Miller and Bayer (2001), Luckow et al. (2003), and more recently Gómez-Acevedo et al. (2010) and Bouchenak-Khelladi et al. (2010) have provided more elements supporting these divisions based on morphology, molecular evidence (nuclear and chloroplast) and diversification rates. Genus Acacia with subgenera was used in Rico-Arce (2007) for the benefit of the users, allowing them to have all possible names with their alternative equivalents. Since then, there was already categorical evidence that the genus was divided and that several genera have to be recognized or reinstated. In my subsequent publications, at least Senegalia Raf. and Acaciella Britton & Rose are recognized, but it is not the case for Vachellia Wight & Arnott and Racosperma Mart.

My main objective is to make the reader aware of the illegality of the procedure that took place in Vienna at the nomenclature session (2005); if there is a type for the genus Acacia, this type needs to be established following a proper process, with the implication that the genus Acacia should have only one type species; in addition, according to the current scientific evidence, Acacia s.l. (with three subgenera) does not exist. What the name users will follow?


Literature cited

Bouchenak-Khelladi, Y., O. Maurin, J. Hurter and M. van der Bank. 2010. The Evolutionary history and Biogeography of Mimosoideae (Leguminosae): An Emphasis on African acacias. Molecular Phylogenetics and Evolution 57:495-508.         [ Links ]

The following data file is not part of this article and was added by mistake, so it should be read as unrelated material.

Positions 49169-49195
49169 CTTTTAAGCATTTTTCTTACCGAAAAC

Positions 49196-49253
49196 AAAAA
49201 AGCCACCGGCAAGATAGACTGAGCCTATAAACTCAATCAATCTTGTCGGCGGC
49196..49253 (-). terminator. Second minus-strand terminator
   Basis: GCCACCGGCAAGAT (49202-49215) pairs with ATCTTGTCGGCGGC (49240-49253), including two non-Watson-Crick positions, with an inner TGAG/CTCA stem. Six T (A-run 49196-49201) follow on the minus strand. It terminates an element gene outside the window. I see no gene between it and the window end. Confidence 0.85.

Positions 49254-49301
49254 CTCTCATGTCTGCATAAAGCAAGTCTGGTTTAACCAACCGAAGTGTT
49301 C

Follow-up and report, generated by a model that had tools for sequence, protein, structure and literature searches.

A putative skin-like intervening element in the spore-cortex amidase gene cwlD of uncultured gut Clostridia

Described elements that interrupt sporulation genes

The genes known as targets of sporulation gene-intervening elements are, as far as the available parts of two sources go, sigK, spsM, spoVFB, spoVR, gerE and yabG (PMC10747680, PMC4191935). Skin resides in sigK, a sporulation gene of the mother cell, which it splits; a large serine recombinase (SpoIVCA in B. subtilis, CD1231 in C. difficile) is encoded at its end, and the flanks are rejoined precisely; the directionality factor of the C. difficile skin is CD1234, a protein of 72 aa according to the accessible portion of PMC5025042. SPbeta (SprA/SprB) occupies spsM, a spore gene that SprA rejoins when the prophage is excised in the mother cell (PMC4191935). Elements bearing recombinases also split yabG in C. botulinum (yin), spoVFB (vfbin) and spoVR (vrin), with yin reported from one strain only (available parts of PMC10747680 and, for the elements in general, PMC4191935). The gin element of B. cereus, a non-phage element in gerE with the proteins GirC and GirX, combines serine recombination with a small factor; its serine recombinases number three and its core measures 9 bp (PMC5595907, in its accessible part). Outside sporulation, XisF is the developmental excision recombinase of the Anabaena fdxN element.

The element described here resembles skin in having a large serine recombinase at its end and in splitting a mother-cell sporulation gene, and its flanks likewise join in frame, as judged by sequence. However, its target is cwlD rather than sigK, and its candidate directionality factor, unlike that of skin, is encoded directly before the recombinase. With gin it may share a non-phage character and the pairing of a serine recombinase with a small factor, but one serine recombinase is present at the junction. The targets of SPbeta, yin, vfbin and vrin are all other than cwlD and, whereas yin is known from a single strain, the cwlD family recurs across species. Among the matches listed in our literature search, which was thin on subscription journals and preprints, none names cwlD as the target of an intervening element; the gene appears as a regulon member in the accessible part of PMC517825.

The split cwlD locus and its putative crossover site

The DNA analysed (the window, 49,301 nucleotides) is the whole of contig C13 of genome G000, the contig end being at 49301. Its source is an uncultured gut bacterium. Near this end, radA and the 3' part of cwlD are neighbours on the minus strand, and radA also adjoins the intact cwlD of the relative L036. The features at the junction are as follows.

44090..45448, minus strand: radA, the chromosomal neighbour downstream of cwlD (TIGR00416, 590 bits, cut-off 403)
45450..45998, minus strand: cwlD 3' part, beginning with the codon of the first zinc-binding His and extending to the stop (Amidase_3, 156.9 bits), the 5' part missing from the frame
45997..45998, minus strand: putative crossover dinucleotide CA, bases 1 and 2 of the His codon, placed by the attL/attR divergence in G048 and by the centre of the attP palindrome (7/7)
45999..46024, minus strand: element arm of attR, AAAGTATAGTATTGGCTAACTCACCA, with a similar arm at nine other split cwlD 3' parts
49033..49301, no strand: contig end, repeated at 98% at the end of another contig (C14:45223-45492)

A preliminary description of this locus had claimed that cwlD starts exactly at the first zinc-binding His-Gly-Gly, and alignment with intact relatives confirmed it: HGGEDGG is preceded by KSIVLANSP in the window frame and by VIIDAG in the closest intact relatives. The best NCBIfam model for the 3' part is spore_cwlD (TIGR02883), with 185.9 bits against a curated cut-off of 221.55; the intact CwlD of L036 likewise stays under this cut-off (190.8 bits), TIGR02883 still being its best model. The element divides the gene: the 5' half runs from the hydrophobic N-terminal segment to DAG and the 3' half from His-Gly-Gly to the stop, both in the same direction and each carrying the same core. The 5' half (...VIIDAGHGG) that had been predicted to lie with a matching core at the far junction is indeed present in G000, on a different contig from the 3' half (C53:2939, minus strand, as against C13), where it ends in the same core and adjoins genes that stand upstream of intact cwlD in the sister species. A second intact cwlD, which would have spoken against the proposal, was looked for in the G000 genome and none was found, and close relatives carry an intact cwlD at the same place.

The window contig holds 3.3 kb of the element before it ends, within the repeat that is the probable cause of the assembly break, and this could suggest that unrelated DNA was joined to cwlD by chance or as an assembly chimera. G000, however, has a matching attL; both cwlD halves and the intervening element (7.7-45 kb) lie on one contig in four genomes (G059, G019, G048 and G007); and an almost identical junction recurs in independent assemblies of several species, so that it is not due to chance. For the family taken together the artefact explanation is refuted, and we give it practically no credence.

Gómez-Acevedo, S., L. Rico Arce, A. Delgado Salinas, S. Magallón and L. E. Eguiarte. 2010. Neotropical mutualism between Acacia and Pseudomyrmex: Phylogeny and divergence times. Molecular Phylogenetics and Evolution 56:393-408.         [ Links ]

Luckow, M., J. T. Miller, D. J. Murphy and T. Livshultz. 2003. A phylogenetic analysis of the Mimosoideae (Leguminosae) based on chloroplast DNA sequence data. In Advances in Legumes Systematics, B. B. Klitgaard y A. Bruneau (eds.). Royal Botanic Gardens, Kew, London. p. 197-220.         [ Links ]

Miller, J. M. and R. J. Bayer. 2001. Molecular phylogenetics of Acacia (Fabaceae: Mimosoideae) based on the chloroplast matK coding sequence and flanking trnK intron spacer regions. American Journal of Botany 88:697-705.         [ Links ]

Moore, G. 2008. Action on the proposal to conserve the name Acacia at the Nomenclature Section of the XVII International Botanical Congress in Vienna: Did the ayes have it? Linnean 24, 2:16-120.         [ Links ]

More, G. et al. (68 more authors). 2010. Acacia, the 2011 Nomenclature Section in Melbourne, and beyond. Taxon 59:1188-1195.         [ Links ]

Rico Arce, M. de L. 2007. A Checklist and Synopsis of American Species of Acacia (Leguminosae: Mimosoideae). CONABIO, México, D.F. 207 p.         [ Links ]

Rijckevorsel, P. van. 2006. Acacia: What did happen at Vienna? Anales del Jardín Botánico de Madrid 63:107-110.         [ Links ]

Rijckevorsel, P. Van. 2004. Duizend Acacia-soorten gered. Bionieuws 14, 17: 4.         [ Links ]

Creative Commons License Todo o conteúdo deste periódico, exceto onde está identificado, está licenciado sob uma Licença Creative Commons